Friday, December 2, 2011

Advent 2B 2001

          These are rough economic times, and have been for a while. Yet this week I received from Bishop Taylor an invitation to contribute to the Mission Fund, “established so the important initiatives identified by the Executive Council of the diocese would not be diminished by the downturn in the economy.”  Bishop Taylor may know something I don’t know. He very likely does. He’s a man of hope.

          We’re called to be people of hope, people who trust in the love and mercy of God, not only about money, but about all our life, in this world and the world to come.

          The first 39 of the 66 chapters in the Book of the Prophet Isaiah tell of the last days of the southern kingdom of Judah. Then Jerusalem was captured, the Temple destroyed, and the leaders of the people taken into exile in Babylon – 586 years before Christ. Two generations later Babylon fell to the Persians, who allowed Jews to return to Jerusalem. Gradually they did so and the last 27 chapters of Isaiah are God’s word to the returning exiles.

          The Jews who returned had heard from their parents and grandparents of the land of milk and honey, the beauty of the Temple, the joy of living in Judah. Our children and grandchildren occasionally ask us about the past, and we all tend to describe the good parts. Going back to places where we lived as children is always a shock. The houses and the rooms are much smaller than we remember them. So we can imagine some of the returning exiles’ reactions, particularly from the reluctant spouses. “What have you gotten us into? This is not like grandmother described it. This “homecoming” idea is a big mistake. We’re being punished like our grandparents were. We should have stayed in Babylon.”  They forgot that their ancestors in the desert said the same things about Egypt.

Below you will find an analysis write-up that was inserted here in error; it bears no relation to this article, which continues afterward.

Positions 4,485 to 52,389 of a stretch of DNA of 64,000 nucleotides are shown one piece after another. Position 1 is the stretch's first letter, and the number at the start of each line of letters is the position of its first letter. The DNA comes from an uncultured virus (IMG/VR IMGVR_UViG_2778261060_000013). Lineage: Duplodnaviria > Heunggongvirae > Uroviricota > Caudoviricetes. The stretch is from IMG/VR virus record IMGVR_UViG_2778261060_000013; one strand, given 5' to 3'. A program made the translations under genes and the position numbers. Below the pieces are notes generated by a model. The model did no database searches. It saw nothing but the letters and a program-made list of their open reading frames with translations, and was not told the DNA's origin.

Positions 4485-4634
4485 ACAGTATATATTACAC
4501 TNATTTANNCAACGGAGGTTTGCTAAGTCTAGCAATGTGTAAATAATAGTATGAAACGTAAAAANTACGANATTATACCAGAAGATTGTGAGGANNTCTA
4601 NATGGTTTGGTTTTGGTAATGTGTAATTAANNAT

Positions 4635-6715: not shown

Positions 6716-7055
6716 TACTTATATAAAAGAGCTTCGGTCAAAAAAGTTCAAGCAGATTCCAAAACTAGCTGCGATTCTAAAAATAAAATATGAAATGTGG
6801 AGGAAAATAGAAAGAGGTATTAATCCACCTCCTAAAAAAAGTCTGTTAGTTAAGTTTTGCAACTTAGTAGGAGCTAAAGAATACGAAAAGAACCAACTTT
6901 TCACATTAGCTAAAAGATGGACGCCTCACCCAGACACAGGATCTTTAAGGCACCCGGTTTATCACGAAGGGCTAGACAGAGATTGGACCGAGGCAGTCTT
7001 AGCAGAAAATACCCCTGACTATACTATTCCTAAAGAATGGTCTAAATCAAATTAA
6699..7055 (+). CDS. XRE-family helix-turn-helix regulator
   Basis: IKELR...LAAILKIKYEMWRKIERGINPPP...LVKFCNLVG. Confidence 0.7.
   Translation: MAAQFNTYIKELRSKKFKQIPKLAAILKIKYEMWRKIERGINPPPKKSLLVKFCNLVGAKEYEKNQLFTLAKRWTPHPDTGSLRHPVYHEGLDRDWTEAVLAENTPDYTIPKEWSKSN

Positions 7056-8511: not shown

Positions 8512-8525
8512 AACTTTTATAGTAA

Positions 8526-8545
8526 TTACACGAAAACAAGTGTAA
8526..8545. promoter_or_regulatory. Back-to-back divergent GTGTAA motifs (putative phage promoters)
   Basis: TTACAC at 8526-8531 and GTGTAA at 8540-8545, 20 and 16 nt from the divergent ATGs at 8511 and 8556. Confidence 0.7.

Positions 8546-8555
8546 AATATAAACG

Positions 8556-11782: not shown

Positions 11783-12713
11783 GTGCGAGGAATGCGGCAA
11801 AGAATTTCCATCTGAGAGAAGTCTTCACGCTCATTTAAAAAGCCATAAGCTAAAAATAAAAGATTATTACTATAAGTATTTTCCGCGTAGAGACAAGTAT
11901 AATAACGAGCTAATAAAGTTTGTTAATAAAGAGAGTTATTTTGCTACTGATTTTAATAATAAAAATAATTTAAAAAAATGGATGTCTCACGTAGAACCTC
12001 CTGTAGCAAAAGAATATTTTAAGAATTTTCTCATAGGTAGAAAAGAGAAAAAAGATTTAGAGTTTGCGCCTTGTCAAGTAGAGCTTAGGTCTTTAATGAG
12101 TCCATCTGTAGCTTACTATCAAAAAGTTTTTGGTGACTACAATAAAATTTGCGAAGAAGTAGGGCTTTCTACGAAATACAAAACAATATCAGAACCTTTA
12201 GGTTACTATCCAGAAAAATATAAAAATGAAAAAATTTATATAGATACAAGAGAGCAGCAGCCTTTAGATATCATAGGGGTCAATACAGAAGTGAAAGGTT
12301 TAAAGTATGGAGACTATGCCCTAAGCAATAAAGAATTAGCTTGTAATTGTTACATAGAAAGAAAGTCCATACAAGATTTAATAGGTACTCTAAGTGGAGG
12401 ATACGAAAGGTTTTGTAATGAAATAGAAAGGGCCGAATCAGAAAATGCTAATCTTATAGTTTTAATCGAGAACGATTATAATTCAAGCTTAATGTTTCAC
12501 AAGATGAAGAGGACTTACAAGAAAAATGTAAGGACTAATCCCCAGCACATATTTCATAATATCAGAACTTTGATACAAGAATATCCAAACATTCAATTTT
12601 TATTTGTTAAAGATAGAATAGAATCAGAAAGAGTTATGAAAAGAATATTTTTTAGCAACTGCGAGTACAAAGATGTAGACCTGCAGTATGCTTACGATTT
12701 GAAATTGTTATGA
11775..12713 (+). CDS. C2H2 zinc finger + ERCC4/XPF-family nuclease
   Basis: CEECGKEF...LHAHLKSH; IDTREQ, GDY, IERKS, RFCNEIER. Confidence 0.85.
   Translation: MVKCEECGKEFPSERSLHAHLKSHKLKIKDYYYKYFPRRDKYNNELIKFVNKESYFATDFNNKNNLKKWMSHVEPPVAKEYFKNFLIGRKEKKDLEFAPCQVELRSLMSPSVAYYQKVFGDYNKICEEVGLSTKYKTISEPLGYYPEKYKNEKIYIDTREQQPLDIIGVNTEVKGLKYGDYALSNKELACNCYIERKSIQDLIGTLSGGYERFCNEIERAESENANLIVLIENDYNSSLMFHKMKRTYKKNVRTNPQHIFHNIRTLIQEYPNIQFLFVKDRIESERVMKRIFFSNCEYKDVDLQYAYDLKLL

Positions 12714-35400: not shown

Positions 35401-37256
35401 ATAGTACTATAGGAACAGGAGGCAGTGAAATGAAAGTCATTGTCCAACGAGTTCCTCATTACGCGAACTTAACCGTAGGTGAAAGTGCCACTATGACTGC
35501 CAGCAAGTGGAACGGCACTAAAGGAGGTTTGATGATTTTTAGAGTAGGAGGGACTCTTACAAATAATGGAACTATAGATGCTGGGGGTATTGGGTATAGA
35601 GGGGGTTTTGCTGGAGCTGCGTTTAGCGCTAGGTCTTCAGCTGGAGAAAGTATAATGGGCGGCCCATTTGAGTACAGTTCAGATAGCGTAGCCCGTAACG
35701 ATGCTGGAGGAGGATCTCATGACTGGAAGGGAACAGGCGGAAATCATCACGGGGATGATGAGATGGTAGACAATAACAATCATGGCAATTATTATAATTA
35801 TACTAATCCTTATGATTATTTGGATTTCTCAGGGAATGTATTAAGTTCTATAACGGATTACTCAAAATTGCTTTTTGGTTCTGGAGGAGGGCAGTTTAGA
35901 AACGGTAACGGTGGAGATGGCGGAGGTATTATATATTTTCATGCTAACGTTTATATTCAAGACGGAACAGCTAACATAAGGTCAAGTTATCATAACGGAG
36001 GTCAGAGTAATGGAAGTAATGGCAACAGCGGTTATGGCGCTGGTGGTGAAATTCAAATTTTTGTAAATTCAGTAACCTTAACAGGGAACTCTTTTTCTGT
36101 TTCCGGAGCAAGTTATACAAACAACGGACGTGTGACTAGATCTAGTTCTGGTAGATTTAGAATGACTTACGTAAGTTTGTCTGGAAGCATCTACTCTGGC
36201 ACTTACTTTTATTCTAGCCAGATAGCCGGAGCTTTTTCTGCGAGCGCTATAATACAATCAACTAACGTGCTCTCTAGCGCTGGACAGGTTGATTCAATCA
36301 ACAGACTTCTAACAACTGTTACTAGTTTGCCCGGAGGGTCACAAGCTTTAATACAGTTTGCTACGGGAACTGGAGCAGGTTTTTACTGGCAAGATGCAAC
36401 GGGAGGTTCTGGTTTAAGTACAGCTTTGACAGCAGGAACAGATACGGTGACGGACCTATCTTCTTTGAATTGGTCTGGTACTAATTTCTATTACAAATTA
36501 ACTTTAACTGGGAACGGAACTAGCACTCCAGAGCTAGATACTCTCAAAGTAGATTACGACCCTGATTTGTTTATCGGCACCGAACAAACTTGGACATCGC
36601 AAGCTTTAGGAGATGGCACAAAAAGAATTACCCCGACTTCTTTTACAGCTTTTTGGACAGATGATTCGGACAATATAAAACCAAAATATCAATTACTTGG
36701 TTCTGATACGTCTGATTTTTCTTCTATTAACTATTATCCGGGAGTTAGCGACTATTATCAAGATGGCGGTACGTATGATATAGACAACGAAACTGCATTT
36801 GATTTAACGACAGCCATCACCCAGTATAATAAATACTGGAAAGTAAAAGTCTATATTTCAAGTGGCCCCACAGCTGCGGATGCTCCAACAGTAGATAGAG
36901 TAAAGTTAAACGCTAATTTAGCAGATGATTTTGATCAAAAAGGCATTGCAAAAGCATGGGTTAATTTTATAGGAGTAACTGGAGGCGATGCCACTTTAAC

To this dispirited group, the word of the Lord comes by Isaiah, “Comfort, O comfort my people, says your God. Speak tenderly to Jerusalem, and cry to her that she has served her term, that her penalty is paid, that she has received from the LORD's hand double for all her sins.”

          The penalty has been paid. By his death on the cross Jesus paid the penalty for the sins of the whole world, and for our sins, our individual sins and the sins that come because we live in a world filled with sin and evil and pain and injustice and hopelessness.  We can live in hope because on Easter Day Jesus rose from the dead. Because he lives, we live, and we live in hope. The Holy Spirit of God came at Pentecost to in-spirit us in God’s hope.

          The exiles had followed the route our father Abraham had taken, up the river and then down the valleys past the Sea of Galilee and down the mountain road to Jerusalem. It took several months on a rough road. They knew first hand about the wilderness and the desert, the valleys and the mountains, the uneven ground and the rough places.  They understood the call of the Lord, “In the wilderness prepare the way of the LORD, make straight in the desert a highway for our God. Every valley shall be lifted up, and every mountain and hill be made low; the uneven ground shall become level, and the rough places a plain. Then the glory of the LORD shall be revealed, and all people shall see it together, for the mouth of the LORD has spoken.” The exiles understood the call to hope.